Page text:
"Friday [March] 22nd [1833]

"This morning, friend Dodson came in sat down and reasoned with us a while. Br. Parley read Alma's and Amulek's teaching and suffering in Moronihah to him and then the spirit fell on us so that Br. Parley was melted into tears and his words were powerful even unto the cutting of those to the heart who were present and I was filled so that I walked through the room praising and blessing the name of the Lord and testifying to his word even the book of Mormon until Sister Russel spoke out and said that she believed it' - We left our once strong opposer in tears, so affected that he did not utter farewell but shaking us warmly by the hand we parted. Friend Russel accompanying us out, insisting that we should return, saying thathis house should be our home.' " - Journal, pages 32-33

"Wednesday [Aug.] 20, [1834]

"I attended the appointment and after the meeting was opened I gave them a dissertation of about an hour's length on the 12th Chapter of 1 Corinthians and closed with an oration in the gift of tongues. The effect was tremendous on the congregation both believing and unbelieving. Bro. H. Hubbard manifested also by speaking that he had received the gift of tongues which I interpreted for him." - Journal, page 4

"Friday eve [Oct. 14, 1834] "The weather was inclement, cold and rainy, only a few turned out. Bro. I. preached to them from Gal. 1:6-10 about an hour. It was a fine discourse but he never mentioned the book of Mormon once." - Journal, page 21.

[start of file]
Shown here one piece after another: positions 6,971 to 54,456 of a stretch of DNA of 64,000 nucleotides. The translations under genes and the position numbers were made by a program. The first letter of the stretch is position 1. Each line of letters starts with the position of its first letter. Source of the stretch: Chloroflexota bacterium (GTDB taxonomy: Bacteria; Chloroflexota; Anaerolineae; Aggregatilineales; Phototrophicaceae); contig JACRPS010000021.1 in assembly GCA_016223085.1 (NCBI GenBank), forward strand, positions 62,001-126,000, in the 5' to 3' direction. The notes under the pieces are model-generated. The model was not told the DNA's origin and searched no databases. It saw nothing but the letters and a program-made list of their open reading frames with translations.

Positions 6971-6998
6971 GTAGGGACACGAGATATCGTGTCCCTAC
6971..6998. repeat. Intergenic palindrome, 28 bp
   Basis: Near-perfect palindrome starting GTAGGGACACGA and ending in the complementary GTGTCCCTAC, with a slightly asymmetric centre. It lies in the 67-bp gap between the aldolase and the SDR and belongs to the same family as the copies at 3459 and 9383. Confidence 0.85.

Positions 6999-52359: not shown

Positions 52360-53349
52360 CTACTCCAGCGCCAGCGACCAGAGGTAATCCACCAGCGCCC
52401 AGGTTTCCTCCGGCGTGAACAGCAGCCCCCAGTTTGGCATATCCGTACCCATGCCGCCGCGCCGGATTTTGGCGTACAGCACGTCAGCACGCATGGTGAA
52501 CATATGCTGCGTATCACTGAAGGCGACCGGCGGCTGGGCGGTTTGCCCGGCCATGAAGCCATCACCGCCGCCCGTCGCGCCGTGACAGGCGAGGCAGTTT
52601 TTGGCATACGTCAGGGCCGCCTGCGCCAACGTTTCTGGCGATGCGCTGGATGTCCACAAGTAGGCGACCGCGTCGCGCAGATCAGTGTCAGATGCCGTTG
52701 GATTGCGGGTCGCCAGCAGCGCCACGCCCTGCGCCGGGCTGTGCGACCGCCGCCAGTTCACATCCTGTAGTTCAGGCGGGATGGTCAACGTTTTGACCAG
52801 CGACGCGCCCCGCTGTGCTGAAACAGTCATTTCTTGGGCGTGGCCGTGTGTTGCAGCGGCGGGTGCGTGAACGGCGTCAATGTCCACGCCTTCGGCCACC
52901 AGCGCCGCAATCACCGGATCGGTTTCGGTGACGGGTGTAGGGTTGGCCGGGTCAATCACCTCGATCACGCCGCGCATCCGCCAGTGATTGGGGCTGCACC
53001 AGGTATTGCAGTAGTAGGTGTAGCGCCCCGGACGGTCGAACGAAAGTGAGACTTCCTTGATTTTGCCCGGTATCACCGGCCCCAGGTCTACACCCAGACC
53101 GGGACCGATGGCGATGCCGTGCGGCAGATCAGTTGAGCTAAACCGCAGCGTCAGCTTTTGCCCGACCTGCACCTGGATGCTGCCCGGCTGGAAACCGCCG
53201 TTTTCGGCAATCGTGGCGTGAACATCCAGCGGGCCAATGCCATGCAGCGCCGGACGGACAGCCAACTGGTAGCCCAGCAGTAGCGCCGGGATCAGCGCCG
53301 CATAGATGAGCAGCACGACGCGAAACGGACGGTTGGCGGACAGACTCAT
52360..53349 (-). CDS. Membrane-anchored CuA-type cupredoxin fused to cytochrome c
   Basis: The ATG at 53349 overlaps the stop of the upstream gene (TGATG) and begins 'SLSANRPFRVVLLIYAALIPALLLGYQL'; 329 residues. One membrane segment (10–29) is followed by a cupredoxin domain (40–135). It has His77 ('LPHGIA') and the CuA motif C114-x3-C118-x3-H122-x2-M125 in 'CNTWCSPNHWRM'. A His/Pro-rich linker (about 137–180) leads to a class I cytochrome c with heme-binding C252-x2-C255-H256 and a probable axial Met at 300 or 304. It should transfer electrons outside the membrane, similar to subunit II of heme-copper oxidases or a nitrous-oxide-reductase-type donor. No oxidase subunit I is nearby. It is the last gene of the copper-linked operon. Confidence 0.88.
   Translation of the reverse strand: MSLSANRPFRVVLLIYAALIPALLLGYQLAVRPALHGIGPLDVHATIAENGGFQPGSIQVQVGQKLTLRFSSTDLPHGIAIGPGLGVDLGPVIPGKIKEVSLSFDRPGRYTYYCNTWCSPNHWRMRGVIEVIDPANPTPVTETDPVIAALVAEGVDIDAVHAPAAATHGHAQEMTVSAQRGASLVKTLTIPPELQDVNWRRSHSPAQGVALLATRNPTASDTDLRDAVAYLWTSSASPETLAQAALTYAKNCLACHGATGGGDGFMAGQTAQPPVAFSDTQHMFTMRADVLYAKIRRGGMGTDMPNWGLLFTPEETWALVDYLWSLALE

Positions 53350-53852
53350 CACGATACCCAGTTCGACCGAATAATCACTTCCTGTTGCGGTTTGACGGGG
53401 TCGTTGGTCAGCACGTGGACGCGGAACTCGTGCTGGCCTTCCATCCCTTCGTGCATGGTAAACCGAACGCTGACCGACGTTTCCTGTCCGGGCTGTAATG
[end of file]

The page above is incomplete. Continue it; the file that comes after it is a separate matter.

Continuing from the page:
"Wednesday [Oct.] 19, [1834]

"We returned through the rain and mud to Kirtland. And I found a letter from (my dear) little Emiline. It contained much that filled me with sorrow because of their afflictions. I read it to bro. Joseph and his heart was much affected because of the affliction of Zion. And he called a few of the most faithful High Priests together and we had a solemn meeting and prayer that God might spare the innocent in Zion and hasten their deliverance. We had a very affecting time indeed. The brethren also while They were together chose Joseph, Sidney, Frederick and Oliver as trustees of the high school in Kirtland and they engaged me for $18 per month to assist in instructing in said school." -Journal, page 22.

"Sunday [April] 24, [1836]

"Brother N. W. circulated an appointment for me for two o'clock in the afternoon and I addressed a small congregation in the courthouse for about one hour and a quarter - and as they had never heard one of our Elders before, I gave them a history of the work and the design of it as far as I was enabled to in one discourse. After I closed I was shaken very heartily by the hand and told that I had preached a very excellent discourse, if I had only left out the new record. I told them that that was all the glory of it." - Journal, (unnumbered page)

McLellin wrote the following in 1878, many years after his apostasy. It reflects his rejection of Church doctrine pertaining to the Aaronic and Melchizedek Priesthood. The reference in the title to "any click [cliqueT or party" likely refers to the Church as well as to the several off-shoot groups that emerged following the martyrdom of Joseph Smith.

"I never saw such an amount of egregious folly as is manifest in trying to introduce a dead priesthood into the church of Christ and then continue in all the parties of L. D. Saintism. It's a perfect impossibility that the old law priesthood should be revived into existence again. And then a priest of that order would be bound to administer the laws of Moses, but not the gospel of Jesus. He would only know the law, but would not know the gospel of Christ, hence could not administer it. Again I say O the folly of otherwise good men!!" - Some of My Thoughts in 1878 - Why I Am Not an L.D. Saint of any Click or Party, (unnumbered page)